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UBC Theses and Dissertations

The application of the permutation test on genome wide expression analysis Chan, Timothy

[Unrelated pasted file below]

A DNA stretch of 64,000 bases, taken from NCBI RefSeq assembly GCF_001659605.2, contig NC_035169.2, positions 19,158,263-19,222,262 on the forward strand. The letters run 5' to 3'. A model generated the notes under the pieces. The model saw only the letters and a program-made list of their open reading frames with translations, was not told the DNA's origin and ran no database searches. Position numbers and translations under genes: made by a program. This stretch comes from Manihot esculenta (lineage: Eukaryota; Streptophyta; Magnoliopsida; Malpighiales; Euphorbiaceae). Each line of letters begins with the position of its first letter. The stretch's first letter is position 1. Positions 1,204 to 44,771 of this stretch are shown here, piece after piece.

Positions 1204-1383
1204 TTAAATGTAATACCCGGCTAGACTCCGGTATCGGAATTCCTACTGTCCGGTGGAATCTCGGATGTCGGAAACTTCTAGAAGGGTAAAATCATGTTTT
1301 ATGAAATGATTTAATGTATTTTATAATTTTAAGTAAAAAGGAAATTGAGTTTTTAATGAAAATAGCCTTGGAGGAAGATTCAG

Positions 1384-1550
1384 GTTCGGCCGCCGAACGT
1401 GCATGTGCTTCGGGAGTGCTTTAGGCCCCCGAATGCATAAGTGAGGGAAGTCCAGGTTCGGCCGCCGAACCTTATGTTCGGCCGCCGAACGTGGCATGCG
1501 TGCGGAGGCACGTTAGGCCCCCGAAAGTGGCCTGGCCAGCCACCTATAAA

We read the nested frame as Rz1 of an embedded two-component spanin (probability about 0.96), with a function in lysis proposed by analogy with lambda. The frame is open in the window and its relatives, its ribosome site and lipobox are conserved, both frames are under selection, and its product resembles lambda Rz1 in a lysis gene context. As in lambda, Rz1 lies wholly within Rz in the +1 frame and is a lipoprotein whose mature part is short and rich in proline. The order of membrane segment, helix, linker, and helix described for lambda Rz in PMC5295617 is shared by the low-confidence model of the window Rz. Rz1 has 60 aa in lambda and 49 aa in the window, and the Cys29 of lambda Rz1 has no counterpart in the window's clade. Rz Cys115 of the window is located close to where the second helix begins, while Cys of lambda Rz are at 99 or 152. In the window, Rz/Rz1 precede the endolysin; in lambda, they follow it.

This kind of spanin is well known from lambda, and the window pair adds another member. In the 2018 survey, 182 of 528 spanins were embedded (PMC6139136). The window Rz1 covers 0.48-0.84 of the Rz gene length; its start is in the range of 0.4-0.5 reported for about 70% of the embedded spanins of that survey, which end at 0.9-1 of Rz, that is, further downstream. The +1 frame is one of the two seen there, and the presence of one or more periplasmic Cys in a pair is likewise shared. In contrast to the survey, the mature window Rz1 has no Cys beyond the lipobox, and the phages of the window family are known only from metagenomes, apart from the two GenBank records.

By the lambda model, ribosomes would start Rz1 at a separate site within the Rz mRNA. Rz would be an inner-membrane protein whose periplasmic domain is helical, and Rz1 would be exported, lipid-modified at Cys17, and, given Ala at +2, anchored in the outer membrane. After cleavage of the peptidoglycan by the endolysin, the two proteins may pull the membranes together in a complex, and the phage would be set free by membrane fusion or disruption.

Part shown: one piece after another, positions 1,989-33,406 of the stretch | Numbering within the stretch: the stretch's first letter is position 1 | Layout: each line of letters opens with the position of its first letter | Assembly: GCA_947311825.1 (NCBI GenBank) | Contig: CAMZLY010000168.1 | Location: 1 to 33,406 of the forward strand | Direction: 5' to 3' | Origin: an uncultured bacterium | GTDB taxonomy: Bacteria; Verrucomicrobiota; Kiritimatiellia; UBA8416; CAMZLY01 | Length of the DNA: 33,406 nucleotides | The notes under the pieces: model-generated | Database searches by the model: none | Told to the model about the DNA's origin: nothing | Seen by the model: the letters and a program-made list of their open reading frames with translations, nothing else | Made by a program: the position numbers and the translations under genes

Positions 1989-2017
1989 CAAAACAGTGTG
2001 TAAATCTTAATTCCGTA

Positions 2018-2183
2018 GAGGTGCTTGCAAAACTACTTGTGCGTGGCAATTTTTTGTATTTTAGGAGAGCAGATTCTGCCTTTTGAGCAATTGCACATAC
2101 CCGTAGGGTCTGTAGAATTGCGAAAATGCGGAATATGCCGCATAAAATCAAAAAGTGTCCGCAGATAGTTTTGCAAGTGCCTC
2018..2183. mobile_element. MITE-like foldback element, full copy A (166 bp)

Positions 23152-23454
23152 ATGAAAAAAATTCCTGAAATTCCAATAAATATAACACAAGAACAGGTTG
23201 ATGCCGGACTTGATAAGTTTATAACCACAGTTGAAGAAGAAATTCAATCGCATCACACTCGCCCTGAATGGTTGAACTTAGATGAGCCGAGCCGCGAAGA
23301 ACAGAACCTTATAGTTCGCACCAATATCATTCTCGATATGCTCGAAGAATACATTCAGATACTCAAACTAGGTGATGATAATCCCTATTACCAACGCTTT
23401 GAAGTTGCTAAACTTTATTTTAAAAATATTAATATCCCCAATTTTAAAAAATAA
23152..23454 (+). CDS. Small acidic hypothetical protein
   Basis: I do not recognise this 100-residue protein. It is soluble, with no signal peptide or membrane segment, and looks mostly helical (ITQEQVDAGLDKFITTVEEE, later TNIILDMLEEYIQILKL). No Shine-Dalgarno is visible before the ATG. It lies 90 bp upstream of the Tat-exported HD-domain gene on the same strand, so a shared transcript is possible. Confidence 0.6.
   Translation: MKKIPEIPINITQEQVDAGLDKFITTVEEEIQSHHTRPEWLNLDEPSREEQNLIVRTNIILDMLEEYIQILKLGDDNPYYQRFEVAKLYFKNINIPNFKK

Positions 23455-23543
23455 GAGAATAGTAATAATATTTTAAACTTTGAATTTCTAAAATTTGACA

We are now in a new era. The recent completion of the entire sequence of the human genome and high-throughput gene expression technologies has transformed the era of molecular biology to the era of genomics. Already, such technologies are showing great promise in disease classification and gene targets. However, like any new exciting technology, great promise and anticipation can lead to wasted resources and false hope. It is critical that we recognize the experimental limitations of these new technologies and most importantly, hidden problems must be addressed. The primary goal of a high-throughput gene expression experiment is to identify genes of interest that are differentially expressed between two sample groups. This thesis addresses two key issues that have hindered high-throughput gene expression technologies. The first is the sample size issue. Small sample sizes affect statistical confidence and are much more sensitive to outliers. Thus, we show that by using a nonparametric statistical test known as the permutation test, we can achieve higher accuracy than conventional parametric statistical tests such as the t-test. The second issue we address is the use of housekeeping genes for normalization of mRNA levels. It is well known that many biological experiments require a set of reference genes that are highly expressed and constant from sample to sample. The choice of reference genes is critical as the wrong choice can have dire effects on subsequent analyses. To address this issue, we developed a methodology based on SAGE, which is a genome wide expression technology that does not require normalization. Our results suggest that reference genes chosen by our methodology are more appropriate for mRNA normalization than the standard set of housekeeping genes. Furthermore, our results suggest that reference genes are more effective if chosen in a tissue-specific manner.

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